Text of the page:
Weed-Out Courses Hamper Diversity

See allHide authors and affiliations

Science  09 Dec 2011:
Vol. 334, Issue 6061, pp. 1333
DOI: 10.1126/science.334.6061.1333

You are currently viewing the summary.

View Full Text

Log in to view the full text

Log in through your institution

Log in through your institution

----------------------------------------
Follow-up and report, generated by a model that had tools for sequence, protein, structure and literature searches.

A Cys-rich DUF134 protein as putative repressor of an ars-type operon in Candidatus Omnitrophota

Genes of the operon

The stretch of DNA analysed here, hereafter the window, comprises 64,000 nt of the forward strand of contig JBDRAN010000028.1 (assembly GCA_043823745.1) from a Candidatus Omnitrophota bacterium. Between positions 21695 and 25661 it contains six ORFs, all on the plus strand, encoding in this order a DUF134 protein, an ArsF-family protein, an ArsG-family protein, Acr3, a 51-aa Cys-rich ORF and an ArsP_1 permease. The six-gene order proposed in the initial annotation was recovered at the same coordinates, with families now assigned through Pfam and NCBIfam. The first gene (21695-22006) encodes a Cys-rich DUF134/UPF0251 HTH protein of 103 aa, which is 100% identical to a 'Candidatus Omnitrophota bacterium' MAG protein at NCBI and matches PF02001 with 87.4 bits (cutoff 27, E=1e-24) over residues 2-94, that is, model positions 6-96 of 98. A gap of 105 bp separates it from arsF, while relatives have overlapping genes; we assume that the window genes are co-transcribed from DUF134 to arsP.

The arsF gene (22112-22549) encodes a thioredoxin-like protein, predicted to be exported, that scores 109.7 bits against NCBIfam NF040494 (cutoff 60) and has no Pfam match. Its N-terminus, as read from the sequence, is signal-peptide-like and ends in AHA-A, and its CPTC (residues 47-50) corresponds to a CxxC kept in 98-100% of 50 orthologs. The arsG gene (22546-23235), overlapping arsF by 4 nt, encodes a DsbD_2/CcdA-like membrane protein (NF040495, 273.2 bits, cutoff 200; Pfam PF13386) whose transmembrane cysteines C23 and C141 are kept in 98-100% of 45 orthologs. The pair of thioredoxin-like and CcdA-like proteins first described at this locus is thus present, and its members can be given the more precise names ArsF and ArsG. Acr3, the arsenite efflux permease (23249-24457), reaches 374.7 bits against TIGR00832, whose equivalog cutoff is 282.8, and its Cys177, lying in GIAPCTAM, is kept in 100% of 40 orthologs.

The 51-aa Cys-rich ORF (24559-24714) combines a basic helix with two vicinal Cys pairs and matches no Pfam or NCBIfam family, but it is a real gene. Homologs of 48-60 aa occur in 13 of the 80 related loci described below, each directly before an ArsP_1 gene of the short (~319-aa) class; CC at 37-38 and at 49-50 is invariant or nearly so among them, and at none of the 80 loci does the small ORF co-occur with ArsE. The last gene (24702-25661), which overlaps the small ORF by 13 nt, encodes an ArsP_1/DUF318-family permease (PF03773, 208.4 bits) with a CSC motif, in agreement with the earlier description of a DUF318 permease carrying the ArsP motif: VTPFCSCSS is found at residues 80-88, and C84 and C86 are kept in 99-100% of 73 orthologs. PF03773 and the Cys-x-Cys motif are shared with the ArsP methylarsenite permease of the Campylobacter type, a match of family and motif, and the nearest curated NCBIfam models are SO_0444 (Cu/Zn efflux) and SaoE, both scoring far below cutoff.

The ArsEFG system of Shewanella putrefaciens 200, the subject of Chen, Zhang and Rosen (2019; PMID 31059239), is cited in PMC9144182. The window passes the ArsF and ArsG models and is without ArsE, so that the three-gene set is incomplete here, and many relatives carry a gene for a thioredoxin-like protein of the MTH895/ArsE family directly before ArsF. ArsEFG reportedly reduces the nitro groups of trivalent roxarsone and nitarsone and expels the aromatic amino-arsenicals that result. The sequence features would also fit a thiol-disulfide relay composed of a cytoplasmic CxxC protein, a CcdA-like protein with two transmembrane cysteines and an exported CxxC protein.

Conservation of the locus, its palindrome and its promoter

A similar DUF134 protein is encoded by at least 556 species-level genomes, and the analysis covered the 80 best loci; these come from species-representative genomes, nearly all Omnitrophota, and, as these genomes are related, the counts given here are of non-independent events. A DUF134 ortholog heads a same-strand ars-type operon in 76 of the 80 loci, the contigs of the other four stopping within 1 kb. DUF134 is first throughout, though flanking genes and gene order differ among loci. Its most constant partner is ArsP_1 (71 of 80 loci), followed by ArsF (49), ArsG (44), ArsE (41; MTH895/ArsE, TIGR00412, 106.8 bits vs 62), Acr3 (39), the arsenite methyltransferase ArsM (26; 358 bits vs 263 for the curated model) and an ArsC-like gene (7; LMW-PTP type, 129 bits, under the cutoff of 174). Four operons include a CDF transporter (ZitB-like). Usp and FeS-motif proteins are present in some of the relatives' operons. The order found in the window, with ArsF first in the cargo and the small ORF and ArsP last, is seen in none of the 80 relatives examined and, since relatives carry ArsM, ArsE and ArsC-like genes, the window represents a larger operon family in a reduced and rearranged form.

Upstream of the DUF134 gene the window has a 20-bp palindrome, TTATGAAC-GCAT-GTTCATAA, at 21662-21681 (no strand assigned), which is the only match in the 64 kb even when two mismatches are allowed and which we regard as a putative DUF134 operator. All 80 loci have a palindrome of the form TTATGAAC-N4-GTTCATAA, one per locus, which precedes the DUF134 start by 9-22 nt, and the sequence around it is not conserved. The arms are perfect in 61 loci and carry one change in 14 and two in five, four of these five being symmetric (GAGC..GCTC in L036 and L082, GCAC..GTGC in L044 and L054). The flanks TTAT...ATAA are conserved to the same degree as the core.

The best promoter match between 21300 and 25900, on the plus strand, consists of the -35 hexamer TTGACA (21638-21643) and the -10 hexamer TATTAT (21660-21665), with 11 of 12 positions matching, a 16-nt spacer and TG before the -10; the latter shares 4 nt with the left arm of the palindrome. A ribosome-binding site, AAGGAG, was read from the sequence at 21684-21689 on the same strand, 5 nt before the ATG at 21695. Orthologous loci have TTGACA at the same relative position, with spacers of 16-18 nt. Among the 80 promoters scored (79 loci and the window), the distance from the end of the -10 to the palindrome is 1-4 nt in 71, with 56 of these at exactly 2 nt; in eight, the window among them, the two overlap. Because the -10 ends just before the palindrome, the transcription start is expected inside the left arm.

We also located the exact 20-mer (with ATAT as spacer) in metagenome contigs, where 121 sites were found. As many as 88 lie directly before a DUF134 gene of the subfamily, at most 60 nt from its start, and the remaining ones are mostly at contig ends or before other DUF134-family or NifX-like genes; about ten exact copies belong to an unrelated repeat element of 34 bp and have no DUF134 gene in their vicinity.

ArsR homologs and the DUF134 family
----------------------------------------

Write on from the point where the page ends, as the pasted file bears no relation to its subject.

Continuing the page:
The time-honored practice of using introductory courses to weed out students seeking degrees in science and engineering hinders efforts to attract more women and minorities into those fields, say the chairs of science departments at U.S. universities. But the professors see no need to change their approach to teaching. That contradiction appears in a survey by the Bayer Foundation, the 15th in its annual series on science education. More than 400 chairs from the top-200 research universities and from minority-serving institutions responded to a series of questions on their attitudes toward underrepresented minorities (African-Americans, Hispanics, and Native Americans) and women. It's a follow-up to last year's survey asking those students about the obstacles they face in pursuing STEM (science, technology, engineering, and mathematics) degrees.